- Smith and Jones (1995) found…. and then (Smith & Jones, 1995).
Three-Five Authors Cite all authors’ names the first time the citations appears; for the rest of the citations, include only the first author’s last name followed by “et al.” and the year.
- Smith, Jones, and Robins (2000) found… (Smith et al., 2000).
Six or More Authors Cite only the last name of the first author followed by “et al.” and the year for ALL in-text citations, including the first one.
- Smith et al. (2011) found… and then (Smith et al., 2011)
**Note: If two citations share last names, include as many names as necessary until the citations are distinguishable.
- Smith, Jones, and Robins (2000) found…; Smith, Jones, and Tanner (2000) also discovered…
Quotation that Runs More Than 40 Words
If your quote if longer in length, then the quote begins on a separate line after the lead-in phrase, is indented 5 spaces, does not use quotation marks, locates the parenthetical note after the period, and is continuously double-spaced like the rest of the paper would be.
Murray (2009) writes:
I have had a fascination with psychology ever since I can remember. I think my first experience with chemistry happened when I was four years old, and my mother gave me a handful of baking powder and told me to pour vinegar over it to see what would happen. Magic. I’ve been hooked ever since.
Groups as Authors
Sometimes the names of groups as authors are occasionally abbreviated; be sure to include enough information that the reference entry is easily recognizable. For short group names, or if the abbreviation wouldn’t be recognizable as the same name, spell the group name out every time.
Include the initials of the authors’ first names if more than one author has the same last name, even if there are different publication dates.
Author Known, No Year Known
“N.d.” stands for “no date.” Use this when you’ve made a good faith effort to locate the year of publication. This often happens when citing electronic publications.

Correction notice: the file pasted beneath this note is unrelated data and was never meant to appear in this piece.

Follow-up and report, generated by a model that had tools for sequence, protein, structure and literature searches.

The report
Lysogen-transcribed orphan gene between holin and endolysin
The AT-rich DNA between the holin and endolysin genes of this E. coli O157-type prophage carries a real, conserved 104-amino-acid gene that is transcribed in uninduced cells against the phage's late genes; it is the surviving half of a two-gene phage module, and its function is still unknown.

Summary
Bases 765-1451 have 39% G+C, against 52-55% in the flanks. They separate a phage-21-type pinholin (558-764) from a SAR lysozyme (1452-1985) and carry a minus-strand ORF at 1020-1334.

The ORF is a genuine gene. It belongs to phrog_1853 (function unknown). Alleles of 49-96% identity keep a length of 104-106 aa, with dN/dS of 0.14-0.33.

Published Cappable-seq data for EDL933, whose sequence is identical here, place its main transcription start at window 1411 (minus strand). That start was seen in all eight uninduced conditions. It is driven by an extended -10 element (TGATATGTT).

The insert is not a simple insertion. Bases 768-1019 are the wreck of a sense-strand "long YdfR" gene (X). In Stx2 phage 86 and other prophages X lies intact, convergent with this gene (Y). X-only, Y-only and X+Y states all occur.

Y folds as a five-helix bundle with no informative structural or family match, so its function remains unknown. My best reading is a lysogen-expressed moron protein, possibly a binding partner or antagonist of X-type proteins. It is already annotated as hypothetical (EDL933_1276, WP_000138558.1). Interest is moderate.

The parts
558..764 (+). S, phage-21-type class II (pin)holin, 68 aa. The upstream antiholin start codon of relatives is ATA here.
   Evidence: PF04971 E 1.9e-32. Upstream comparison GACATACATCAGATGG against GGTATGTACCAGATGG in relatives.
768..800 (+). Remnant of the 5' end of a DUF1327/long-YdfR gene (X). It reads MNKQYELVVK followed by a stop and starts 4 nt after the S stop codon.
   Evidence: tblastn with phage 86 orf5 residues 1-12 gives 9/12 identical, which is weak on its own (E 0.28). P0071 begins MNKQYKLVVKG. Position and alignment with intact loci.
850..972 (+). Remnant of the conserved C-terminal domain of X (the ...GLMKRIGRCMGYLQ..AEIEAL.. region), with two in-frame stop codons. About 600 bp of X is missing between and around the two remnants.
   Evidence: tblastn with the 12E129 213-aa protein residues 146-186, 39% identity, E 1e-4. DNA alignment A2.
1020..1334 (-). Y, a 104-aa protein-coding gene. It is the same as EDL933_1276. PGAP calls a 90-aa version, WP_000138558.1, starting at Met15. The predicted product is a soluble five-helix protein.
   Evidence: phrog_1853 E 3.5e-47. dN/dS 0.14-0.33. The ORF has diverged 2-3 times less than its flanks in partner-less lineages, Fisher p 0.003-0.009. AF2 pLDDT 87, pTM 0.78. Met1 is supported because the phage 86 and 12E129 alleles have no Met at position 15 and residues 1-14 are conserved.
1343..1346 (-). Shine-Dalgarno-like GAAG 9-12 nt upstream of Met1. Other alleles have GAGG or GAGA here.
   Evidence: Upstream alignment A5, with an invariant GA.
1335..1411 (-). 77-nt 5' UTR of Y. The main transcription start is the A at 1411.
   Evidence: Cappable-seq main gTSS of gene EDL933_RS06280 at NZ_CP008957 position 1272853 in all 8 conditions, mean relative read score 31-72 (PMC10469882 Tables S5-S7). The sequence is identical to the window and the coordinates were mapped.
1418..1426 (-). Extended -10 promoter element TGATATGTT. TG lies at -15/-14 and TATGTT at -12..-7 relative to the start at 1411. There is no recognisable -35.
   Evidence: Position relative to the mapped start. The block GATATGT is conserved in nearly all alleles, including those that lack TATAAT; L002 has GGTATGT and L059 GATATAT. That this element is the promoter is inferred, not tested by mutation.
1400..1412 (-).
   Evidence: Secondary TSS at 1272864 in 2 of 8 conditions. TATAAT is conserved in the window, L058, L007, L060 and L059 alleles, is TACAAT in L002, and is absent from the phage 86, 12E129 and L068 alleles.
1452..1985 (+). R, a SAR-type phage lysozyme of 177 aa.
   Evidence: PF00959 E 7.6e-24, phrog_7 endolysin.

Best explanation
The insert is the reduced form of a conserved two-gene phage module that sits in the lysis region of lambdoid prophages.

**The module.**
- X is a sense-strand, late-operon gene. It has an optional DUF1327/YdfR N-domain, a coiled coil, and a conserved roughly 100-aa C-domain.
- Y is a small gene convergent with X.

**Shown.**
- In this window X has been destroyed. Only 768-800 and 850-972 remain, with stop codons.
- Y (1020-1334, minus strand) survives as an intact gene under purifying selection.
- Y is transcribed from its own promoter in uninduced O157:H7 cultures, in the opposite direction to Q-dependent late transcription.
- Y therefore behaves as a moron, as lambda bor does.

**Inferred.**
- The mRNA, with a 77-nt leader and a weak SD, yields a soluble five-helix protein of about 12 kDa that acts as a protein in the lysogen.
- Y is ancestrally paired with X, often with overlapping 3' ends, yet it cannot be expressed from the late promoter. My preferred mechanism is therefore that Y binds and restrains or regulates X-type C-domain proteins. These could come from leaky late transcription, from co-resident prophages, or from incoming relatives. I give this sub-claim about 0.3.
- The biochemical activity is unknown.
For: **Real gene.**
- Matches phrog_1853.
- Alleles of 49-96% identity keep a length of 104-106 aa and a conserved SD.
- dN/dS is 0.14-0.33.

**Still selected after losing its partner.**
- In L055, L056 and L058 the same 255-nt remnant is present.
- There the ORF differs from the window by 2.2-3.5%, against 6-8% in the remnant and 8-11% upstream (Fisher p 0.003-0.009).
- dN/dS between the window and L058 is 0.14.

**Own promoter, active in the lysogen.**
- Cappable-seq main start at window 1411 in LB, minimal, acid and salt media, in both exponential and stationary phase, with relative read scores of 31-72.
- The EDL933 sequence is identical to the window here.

- Jones (n.d.), writes that educators should consider studying cognitive science (Professional Development section, para. 18).
Refer to the title when no author is attributed. This title is shortened from “Empirical Research in the Elementary Classroom.”
- According to “Empirical Research” (2009), teachers can employ the scientific method in their classrooms to study different aspects of the learning process (p. 18).
Citing a Long Title
The title is shortened from “Unlikely Source of New Teachers”; long titles should be shortened in ways that are logical.
- According to an article in Newsweek (2009), more and more retirees are becoming teachers as a way of giving back to their communities (“Unlikely Source,” p. 18).
Author Unknown, No Date, No Page Numbers (Quotation)
As stated on the PRSA website, “For more than a decade, PRSA’s leaders have brought attention to the issue of diversity in the public relations profession” (PRSA Diversity Efforts section, n.d., para. 1).
A source is considered secondary when an author refers to another author’s publication. For example, let’s say you’re reading a book on treatment plans written by Allred who quotes Jones, who wrote a book on education and the scientific method. You would format your citation as follows:
- Jones reports that the scientific method is a valuable tool in teacher research (as cited in Allred, 2009).
Interviews, Email, and Other Personal Communication
Cite interviews, emails, and other personal communication list in text.
- Martens concurs that it’s important for students to understand the very rhetorical nature
of a résumé (personal communication, September 29, 2011).
If citing two or more works in one set of parentheses, organize them alphabetically per the reference list (or by year if the author is the same), separated by a semi-colon.
- (Jones 2011; Smith, 1996, 2000)